Marketing and the Guthrie, Part Two

In May, I wrote about the new Guthrie Theater’s advertising in downtown Minneapolis. After actually going to the Guthrie on two occasions recently, I thought I follow up post would be valuable. Guthrie

The past
two weekends I went to the Guthrie Theater to have drinks; the first time on a Friday from (roughly) 9:30pm-11:00pm and this past Saturday from 10:30pm – 11:30pm.

The first time I was there, the Guthrie was pretty quiet.Guthrie2
There were roughly 8 couples having dinner while a small band played, and there
were about 15 others in the bar
area of the Cue Restaurant (the main entrance to the Guthrie at night). The higher floors (4, 5 and 9) were also quiet,
until a show let out.

This past Saturday, there was less than 50 people that I saw in the entire building. There was no performance and it was Labor Day weekend, so a smaller crowd would be expected.

The Friday before, there many people around once a performance let out. They were sitting around on chairs and sofas, while others were enjoying the view of the Mississippi or hanging out at one of the many bars. However, while the performance was going on, the Guthrie was, for all intensive purposes, empty.

For a 285,000 square foot facility to sustain itself, it must generate alternative streams of revenue. Ticket sales help, but there are other markets to serve than those willing to pay inflated prices for performances. Alternative revenue will only come in the form of food and, mostly, liquor sales.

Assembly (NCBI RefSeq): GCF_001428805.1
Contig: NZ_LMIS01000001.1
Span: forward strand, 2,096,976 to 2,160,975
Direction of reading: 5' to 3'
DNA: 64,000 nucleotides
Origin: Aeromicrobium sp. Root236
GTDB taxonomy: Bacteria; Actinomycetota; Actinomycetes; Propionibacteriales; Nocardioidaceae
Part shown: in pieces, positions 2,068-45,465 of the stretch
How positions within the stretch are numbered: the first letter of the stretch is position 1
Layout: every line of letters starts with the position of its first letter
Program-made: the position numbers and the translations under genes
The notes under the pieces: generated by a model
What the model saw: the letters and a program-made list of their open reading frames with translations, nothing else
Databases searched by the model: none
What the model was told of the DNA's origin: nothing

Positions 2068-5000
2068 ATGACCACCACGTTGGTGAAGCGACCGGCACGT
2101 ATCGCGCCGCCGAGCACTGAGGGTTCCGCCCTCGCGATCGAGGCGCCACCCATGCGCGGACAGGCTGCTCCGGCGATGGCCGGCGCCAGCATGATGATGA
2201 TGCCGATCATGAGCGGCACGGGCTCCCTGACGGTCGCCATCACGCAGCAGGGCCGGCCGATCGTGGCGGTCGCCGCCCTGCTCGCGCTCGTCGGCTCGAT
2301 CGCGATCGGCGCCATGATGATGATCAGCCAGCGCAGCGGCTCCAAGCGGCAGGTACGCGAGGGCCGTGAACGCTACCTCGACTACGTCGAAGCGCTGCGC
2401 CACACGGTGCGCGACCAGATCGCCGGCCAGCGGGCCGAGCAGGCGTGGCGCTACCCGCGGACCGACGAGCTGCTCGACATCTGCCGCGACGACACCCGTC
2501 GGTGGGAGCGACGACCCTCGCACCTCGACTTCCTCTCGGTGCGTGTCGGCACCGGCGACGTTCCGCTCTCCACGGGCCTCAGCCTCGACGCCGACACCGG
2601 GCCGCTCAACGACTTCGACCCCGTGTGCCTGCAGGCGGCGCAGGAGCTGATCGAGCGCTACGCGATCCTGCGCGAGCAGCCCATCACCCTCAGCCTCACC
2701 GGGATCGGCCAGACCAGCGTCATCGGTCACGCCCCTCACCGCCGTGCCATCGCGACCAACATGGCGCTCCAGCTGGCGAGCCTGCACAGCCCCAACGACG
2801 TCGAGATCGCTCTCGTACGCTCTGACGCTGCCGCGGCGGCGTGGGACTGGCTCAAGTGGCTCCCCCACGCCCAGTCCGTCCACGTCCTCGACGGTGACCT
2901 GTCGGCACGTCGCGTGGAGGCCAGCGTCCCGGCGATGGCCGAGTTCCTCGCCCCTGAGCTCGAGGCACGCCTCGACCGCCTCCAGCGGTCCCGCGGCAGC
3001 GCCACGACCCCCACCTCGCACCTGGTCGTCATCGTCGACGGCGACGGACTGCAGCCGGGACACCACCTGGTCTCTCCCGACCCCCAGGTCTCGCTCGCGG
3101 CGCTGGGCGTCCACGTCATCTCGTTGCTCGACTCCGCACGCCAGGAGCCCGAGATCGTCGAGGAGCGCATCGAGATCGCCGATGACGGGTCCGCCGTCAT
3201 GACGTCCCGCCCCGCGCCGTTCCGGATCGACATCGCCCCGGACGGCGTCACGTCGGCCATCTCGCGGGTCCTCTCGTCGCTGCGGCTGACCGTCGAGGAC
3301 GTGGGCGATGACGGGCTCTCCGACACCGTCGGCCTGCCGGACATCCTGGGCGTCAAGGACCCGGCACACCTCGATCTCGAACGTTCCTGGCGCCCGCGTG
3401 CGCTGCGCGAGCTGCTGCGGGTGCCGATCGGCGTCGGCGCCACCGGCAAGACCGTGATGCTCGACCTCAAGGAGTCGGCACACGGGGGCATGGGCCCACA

The Marketing
The Guthrie is one of the best destinations in all
of Minneapolis and the Twin Cities, as a  whole. 

Drinks are fairly priced — $3.00 for a pint of Sam Adams, $5.75 for a mixed drink, there has yet to be an overwhelming crowd and one can enjoy some of the best views of both the Mississippi River and the downtown skyline. In addition, no area of the Guthrie is off limits to someone that is not attending a play.

This gem, in my opinion, has gone unnoticed. I don’t think the problem is the product. I think it’s the packaging and exposure. Rarely is this the case in marketing. Usually, people in marketing have to fight for great products to bring to market and are left to think of creative ways to gain awareness of a product or service with a tight budget.

My Prescription
For the Guthrie Theater to thrive it must ramp up its marketing efforts to increase exposure, draw in local visitors to build referrals, and draw in out of town visitors through advertising and media relations.

There is my take on the Guthrie. If you have experiences, ideas or suggestions, please post them.

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